Ship Satellites Tracking From China Departs Sri Lanka
- China is Sri Lanka's largest creditor and is crucial to Sri Lanka's efforts to restructure its debt in order to obtain an IMF bailout.
- Given that the cash-strapped Sri Lankan government is requesting an early bailout from the International Monetary Fund
Originally slated to arrive at the Chinese-run port on August 11, the ballistic missile and satellite tracking ship, “Yuan Wang 5,” was delayed because Sri Lankan officials refused to provide clearance due to security concerns voiced by India.
At 8:20 a.m. local time on August 16, the Chinese ship docked in the port of Hambantota in southern Sri Lanka. In order to refuel, it docked there.
local harbour master Nirmal Silva, the ship departed the port at 4:00 p.m.
Jiang Yin port in China will be its next port of call, according to officials.
The Hambantota port authorities stated that no personnel rotation occurred during the call as was previously planned. During the ship’s visit, Sri Lanka gave the Chinese embassy the support they required.
Due to India’s worries, Sri Lanka had requested that China postpone the visit. On August 13, Colombo allowed the vessel port access for the period of August 16 to August 22 under the condition that it remain within Sri Lanka’s Exclusive Economic Zone (EEZ) and refrain from doing any scientific research there.
Sri Lanka, the Ministry of Defence gave the warship permission to visit for replenishment during the predetermined time period.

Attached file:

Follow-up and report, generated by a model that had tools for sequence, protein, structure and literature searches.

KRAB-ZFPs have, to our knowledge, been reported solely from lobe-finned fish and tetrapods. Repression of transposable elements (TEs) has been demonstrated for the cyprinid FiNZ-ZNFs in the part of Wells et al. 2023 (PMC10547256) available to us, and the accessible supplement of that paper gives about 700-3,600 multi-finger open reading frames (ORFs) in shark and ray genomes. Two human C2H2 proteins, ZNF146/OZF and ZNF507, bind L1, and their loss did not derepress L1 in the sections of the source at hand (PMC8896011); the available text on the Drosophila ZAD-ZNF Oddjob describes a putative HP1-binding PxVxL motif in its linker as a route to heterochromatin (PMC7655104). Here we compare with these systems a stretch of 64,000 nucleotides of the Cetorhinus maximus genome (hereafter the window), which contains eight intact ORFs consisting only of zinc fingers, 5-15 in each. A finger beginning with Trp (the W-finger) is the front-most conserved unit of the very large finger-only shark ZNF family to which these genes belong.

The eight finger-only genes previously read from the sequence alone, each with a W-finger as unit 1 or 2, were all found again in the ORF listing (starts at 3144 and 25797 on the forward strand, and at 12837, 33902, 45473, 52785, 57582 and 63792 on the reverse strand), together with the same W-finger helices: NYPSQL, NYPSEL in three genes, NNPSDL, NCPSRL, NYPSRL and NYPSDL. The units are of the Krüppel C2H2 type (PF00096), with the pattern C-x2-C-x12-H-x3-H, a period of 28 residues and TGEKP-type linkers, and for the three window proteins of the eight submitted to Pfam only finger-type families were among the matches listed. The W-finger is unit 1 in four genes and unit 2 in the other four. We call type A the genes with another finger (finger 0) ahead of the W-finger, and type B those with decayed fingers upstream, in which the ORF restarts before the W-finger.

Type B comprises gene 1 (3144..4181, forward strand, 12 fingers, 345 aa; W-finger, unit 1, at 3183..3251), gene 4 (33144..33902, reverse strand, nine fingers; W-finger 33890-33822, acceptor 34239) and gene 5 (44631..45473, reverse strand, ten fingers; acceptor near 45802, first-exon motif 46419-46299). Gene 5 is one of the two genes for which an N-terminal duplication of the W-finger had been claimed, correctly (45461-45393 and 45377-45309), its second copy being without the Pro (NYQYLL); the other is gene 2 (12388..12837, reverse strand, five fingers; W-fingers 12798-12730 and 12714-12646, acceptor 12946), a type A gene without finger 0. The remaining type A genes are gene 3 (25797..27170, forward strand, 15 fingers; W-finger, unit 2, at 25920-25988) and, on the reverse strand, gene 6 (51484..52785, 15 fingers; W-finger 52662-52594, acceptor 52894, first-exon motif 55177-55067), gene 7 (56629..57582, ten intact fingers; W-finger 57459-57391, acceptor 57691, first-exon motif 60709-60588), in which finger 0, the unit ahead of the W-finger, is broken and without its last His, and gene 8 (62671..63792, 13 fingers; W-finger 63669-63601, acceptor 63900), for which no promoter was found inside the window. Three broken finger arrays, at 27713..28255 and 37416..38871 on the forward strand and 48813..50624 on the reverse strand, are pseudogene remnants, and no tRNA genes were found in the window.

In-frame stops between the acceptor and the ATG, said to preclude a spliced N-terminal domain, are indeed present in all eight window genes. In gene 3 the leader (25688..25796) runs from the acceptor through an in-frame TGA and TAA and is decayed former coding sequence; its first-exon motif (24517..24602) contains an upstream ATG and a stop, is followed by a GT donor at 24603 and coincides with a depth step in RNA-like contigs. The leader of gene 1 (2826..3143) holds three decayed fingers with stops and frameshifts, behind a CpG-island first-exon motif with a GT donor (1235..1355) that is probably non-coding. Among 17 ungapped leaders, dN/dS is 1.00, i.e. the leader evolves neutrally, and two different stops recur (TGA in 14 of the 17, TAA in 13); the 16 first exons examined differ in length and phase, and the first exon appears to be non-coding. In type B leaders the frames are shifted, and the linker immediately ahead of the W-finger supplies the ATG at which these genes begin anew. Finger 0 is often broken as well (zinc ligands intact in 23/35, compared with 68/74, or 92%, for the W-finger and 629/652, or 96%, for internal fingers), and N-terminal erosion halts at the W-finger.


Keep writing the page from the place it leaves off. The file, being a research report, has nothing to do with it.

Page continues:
It stated that there would be no staff rotation during the port call and that the Chinese Embassy in Colombo had asked the Sri Lankan authorities to give the required assistance.
The Sri Lankan Foreign Ministry stated earlier this month that the security and collaboration in the neighbourhood are of the utmost importance while resolving the situation with the Chinese vessel Wang Yang 5.
For the use of frequencies and communication equipment pursuant to non-interference and non-protection basis, the local telecoms regulatory body has issued a No Objection Letter.
In New Delhi, there were worries that the ship’s tracking devices may try to eavesdrop on Indian defence facilities as it was on route to the port in Sri Lanka.
The U.S. Defense Department claims that the ship is commanded by China’s People’s Liberation Army (PLA) and is capable of tracking satellites and missile launches, despite China’s claims that it is utilised for scientific research.
Following Colombo’s failure to make payments on debts associated with the facility’s development, China in 2017 leased the port from Sri Lanka for 99 years, which raised questions about the ship’s arrival in the Hambantota port.
Given that the cash-strapped Sri Lankan government is requesting an early bailout from the International Monetary Fund, Colombo’s approval of the docking of the Chinese research vessel was important (IMF).
China is Sri Lanka’s largest creditor and is crucial to Sri Lanka’s efforts to restructure its debt in order to obtain an IMF bailout.